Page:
The flashcards below were created by user
on FreezingBlue Flashcards.
- Traits or structures that were needed in ancestral functions but no longer needed in the current animal.
- -Insects with wings that can't fly
- -Human appendix
- -wisdom teeth
- 1. The ability of a population to expand is infinite, but the ability of the environment to support populations is always finite.
- 2. Organisms within populations vary, and this variation affects ability of organisms to survive and reproduce.
- 3. Variations are transmitted from parents to offspring
Postulate 1: Birds in the Galapagos
- -Environment constrains population growth
- -Severe drought occurred 1976-78
- • Drought affected seed availability
- • Many birds died of starvation
Postulate 2: Birds in the Galapagos
- -individuals vary in the ability to survive and reproduce
- • Beak size varies
- • Small beaked birds have trouble with large seeds
- • During drought, larger beaked birds were at advantage
Postulate 3: Birds in the Galapagos
- -Variation is transmitted from parents to offspring
- • Beak size is inherited
The evolution of Peppered moth
- -Originally, the vast majority of peppered moths had light colouration, which effectively camouflaged them against the light-coloured trees and lichens which they rested upon.
- -Coal buring during the Industrial Revolution in England, many of the lichens died out, and the trees that peppered moths rested on became blackened, causing most of the light-coloured moths, or typical, to die off from predation.
- -At the same time, the dark-coloured, moths flourished because of their ability to hide on the darkened trees
- -adaptation arose by chance and spread by natural selection
Darwin defined evolution as
Descent with modification
Fitness is context specific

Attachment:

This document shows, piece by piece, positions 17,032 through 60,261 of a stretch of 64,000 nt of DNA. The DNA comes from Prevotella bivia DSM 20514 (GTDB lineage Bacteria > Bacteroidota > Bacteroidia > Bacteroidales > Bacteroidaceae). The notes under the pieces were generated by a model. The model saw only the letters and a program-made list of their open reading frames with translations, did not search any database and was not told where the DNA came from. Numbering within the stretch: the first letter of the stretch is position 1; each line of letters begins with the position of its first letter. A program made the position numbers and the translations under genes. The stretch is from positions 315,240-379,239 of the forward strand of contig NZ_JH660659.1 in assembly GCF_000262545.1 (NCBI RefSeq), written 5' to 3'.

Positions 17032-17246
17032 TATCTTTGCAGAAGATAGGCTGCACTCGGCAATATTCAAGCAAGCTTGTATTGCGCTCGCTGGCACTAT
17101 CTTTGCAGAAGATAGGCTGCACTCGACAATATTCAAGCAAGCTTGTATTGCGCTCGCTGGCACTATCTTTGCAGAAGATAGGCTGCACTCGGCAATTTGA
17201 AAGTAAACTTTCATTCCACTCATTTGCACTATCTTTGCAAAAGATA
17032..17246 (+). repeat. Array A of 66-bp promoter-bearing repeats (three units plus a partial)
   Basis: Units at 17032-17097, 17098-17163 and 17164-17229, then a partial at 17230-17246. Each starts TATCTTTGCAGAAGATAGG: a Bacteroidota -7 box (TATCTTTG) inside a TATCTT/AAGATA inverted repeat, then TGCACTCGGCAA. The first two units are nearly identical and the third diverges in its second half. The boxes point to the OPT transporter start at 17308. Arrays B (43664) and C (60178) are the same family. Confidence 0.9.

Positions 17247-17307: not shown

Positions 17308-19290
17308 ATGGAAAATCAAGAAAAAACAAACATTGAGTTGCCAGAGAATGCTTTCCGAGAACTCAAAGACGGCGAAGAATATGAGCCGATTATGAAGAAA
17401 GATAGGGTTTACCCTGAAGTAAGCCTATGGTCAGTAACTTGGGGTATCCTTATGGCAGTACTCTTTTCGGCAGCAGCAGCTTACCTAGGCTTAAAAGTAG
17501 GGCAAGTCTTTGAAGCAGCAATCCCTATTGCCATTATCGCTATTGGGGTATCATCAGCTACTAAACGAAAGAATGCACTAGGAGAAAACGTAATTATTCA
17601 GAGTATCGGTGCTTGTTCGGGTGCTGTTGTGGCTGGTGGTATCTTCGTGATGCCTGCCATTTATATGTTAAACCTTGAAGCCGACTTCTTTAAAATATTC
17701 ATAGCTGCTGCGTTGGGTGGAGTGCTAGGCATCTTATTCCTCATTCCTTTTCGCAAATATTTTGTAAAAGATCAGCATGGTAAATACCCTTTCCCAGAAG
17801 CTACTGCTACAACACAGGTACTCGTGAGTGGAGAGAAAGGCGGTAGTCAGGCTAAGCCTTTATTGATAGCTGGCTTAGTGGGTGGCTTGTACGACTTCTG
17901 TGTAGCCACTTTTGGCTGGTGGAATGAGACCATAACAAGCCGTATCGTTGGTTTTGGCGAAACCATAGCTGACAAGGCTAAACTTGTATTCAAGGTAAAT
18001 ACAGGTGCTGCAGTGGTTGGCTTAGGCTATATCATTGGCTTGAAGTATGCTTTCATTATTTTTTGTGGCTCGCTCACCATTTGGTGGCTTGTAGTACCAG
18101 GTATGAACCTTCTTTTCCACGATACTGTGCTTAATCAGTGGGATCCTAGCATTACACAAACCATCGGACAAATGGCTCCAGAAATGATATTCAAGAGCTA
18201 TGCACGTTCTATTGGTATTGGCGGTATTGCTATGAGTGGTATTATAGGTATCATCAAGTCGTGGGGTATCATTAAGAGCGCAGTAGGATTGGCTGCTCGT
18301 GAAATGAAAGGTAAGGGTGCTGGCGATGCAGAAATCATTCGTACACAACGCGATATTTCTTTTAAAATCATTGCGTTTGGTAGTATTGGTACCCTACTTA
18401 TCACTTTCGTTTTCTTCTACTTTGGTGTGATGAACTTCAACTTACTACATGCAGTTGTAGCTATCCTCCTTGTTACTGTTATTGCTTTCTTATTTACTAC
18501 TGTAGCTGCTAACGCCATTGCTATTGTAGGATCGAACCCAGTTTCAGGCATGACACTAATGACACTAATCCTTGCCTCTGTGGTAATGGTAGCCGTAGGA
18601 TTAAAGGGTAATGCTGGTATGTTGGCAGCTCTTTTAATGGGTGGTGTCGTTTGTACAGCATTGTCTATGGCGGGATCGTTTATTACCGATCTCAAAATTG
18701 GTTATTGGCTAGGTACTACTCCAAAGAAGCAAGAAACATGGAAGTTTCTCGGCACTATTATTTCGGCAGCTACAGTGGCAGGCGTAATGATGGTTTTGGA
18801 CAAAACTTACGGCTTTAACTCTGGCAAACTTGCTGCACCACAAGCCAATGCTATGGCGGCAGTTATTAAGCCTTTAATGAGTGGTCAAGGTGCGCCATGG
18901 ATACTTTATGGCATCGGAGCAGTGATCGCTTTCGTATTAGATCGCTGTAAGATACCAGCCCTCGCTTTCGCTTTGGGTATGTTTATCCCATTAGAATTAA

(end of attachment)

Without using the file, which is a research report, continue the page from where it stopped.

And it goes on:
- 1. in comparison to others in group
- 2. at a specific place and time
- 3. sometimes at the expense of others
How do random processes generate complex adaptations?
- 1. Cumulative retention of small changes
- 2. Each changes increases fitness, giving individuals within populations small advantages over their competitors
- 1. Unsure if blending inheritance was the mode by which traits were passed on through generations
- 2. Heritability of instincts
How is variation maintained?
- 1. Mendelian genetics is a partial explanation
- 2. Variation hidden in recessive alleles
- 3. Mutation
- 4. Migration
Genotype vs phenotype
- -Genotype: organism's set of genes
- -Phenotype: organism's physical characteristics
Where do novel traits come from and how do species move beyond the apparent range of variation in the population?
- •Mendelian genetics is a partial explanation - Variation “hidden” in recessive alleles (Blending inheritance is not true)
- •Recombination is a partial explanation
- •the implications of multiple loci contributing to a trait
Why does natural selection act on the phenotype rather then the genotype?
Because the phenotype or physical characteristics is what actually determines if the organism is able to reproduce and pass along its genotype to the next generation
-is a theory that states that the individuals that are best adapted to their environment will survive and reproduce most successfully. -Natural selection acts on physical traits and not on an individual's genes.
- -The measure of an individual's ability to survive and reproduce is called
- -The more advantageous traits an individual has, the more fit the individual is